When the American Academy of Nursing (AAN) inducts this year’s new fellows, leaders, faculty, staff and alumni at the Betty Irene Moore School of Nursing at UC Davis celebrate two inductees with ties to the school.
Perry Gee, an alumnus from the inaugural Doctor of Philosophy class at the School of Nursing, and Michelle Litchman, a 2021 fellow in the Betty Irene Moore Fellowship for Nurse Leaders and Innovators, are among the 225 distinguished nurse leaders recognized for their significant contributions to health and health care. They’ll be welcomed at the academy’s annual conference, taking place in Washington, D.C. Oct. 7-9 in a hybrid format.
Being inducted as an AAN fellow is a significant milestone in a nurse leader’s career, as their accomplishments are honored by colleagues within the profession.
“Achieving the honor of fellow in the AAN validates the years of service I have given to the nursing profession and the tremendous gifts nursing has given me,” Gee said. “I am humbled to become a member of this prestigious group of nurses and hope my future contributions to the profession will live up to their extraordinary standards.”
Gee is currently the system nurse scientist and an associate professor of research at Intermountain Healthcare in Salt Lake City, Utah, where he leads several system research projects funded by the National Institutes of Health (NIH). He also serves as the leader for the Doctor of Nursing Practice and Doctor of Philosophy (D.N.P./Ph.D.) collaboration and clinical networking special interest group at the Western Institute of Nursing. Additionally, Gee is an adjunct professor at both the University of Utah College of Nursing and UC Irvine. He graduated from the School of Nursing Ph.D. program in 2014.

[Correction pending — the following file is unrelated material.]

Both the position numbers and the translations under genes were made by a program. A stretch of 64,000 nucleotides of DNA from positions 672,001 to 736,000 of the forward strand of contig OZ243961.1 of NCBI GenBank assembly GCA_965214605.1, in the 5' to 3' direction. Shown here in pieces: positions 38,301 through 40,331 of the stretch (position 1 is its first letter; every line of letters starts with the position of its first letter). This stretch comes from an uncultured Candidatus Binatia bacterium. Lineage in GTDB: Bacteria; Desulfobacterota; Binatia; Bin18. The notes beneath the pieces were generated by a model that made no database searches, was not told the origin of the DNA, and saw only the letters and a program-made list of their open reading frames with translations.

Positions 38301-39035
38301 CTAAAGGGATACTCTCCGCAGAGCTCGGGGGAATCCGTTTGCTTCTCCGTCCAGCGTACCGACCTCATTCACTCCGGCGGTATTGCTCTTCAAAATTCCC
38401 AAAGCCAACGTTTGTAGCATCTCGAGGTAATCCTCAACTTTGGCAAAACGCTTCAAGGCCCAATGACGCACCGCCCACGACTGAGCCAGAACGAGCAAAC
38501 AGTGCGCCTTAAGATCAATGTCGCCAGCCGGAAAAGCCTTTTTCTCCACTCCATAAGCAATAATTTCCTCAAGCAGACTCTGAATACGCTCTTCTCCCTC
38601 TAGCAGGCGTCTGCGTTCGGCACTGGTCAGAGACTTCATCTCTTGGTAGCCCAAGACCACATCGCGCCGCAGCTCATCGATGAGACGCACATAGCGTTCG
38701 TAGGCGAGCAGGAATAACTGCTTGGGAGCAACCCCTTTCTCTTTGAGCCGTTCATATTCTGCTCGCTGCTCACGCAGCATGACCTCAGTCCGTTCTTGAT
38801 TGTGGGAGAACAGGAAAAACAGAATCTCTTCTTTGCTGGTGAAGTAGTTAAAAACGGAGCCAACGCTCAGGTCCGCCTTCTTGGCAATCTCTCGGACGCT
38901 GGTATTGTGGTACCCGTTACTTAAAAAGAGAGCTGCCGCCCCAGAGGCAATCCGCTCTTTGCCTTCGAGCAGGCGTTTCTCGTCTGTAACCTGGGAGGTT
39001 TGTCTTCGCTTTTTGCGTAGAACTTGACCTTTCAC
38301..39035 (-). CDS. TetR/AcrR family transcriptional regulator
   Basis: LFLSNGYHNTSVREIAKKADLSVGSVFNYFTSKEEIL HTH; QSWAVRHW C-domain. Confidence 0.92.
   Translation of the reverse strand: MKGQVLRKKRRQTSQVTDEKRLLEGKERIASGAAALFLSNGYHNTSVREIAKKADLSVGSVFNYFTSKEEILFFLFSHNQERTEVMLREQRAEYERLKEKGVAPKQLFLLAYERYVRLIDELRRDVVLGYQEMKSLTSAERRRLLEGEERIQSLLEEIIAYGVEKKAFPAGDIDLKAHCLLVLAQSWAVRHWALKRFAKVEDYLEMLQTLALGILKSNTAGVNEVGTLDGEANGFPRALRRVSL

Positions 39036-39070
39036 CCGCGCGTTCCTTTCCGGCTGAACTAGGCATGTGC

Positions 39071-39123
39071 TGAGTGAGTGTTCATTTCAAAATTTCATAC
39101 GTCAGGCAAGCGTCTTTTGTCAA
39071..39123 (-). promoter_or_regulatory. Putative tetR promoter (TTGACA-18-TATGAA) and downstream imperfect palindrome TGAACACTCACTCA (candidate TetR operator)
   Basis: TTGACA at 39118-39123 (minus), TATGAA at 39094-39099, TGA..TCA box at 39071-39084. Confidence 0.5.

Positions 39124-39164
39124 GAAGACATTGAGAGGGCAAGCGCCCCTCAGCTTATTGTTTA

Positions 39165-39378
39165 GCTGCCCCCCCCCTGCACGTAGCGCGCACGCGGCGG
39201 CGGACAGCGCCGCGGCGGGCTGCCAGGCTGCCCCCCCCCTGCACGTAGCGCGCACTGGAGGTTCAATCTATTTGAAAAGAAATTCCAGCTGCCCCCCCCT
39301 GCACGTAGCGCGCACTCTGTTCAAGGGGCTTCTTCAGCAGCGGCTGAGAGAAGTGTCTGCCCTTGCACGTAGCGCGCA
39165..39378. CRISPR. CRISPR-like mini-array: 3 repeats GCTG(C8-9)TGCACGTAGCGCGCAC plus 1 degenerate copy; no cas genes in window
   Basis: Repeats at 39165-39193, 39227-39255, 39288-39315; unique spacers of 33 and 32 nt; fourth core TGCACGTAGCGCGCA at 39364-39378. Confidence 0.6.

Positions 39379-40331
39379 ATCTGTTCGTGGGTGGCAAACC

Litchman also teaches and conducts research at the University of Utah College of Nursing, where she is an assistant professor. She serves as medical director of the Intensive Diabetes Education and Support Program at the Utah Diabetes and Endocrinology Center. Her research addresses the social context of diabetes management by including care partners and online peers. Her project for the Betty Irene Moore Fellowship for Nurse Leaders and Innovators focuses on co-designing a deaf-accessible diabetes program. The goal is to address deaf health equity and influence implementation of other chronic disease management programming to underserved populations.
“I am thrilled that my contributions in diabetes research, care and policy are being recognized by the academy through this fellowship induction,” said Litchman. “I am honored, excited and humbled to be joining this prestigious body of nurse leaders. I look forward to what we will be able to accomplish as a group of dedicated change agents.”
Litchman and Gee have even worked together on several publications. They won a Stanford MedicineX research award in 2017 and recently published a book chapter about social media in nursing.
Leaders at both the School of Nursing and the fellowship program lauded the accomplishments of both Litchman and Gee, noting that the values of leadership, bold system change and innovation have far-reaching impacts in the nursing profession through new fellows.
The American Academy of Nursing serves the public and the nursing profession by advancing health policy and practice through the generation, synthesis, and dissemination of nursing knowledge. The academy's more than 2,600 fellows are nursing's most accomplished leaders in education, management, practice, and research. They have been recognized for their extraordinary contributions to nursing and health care.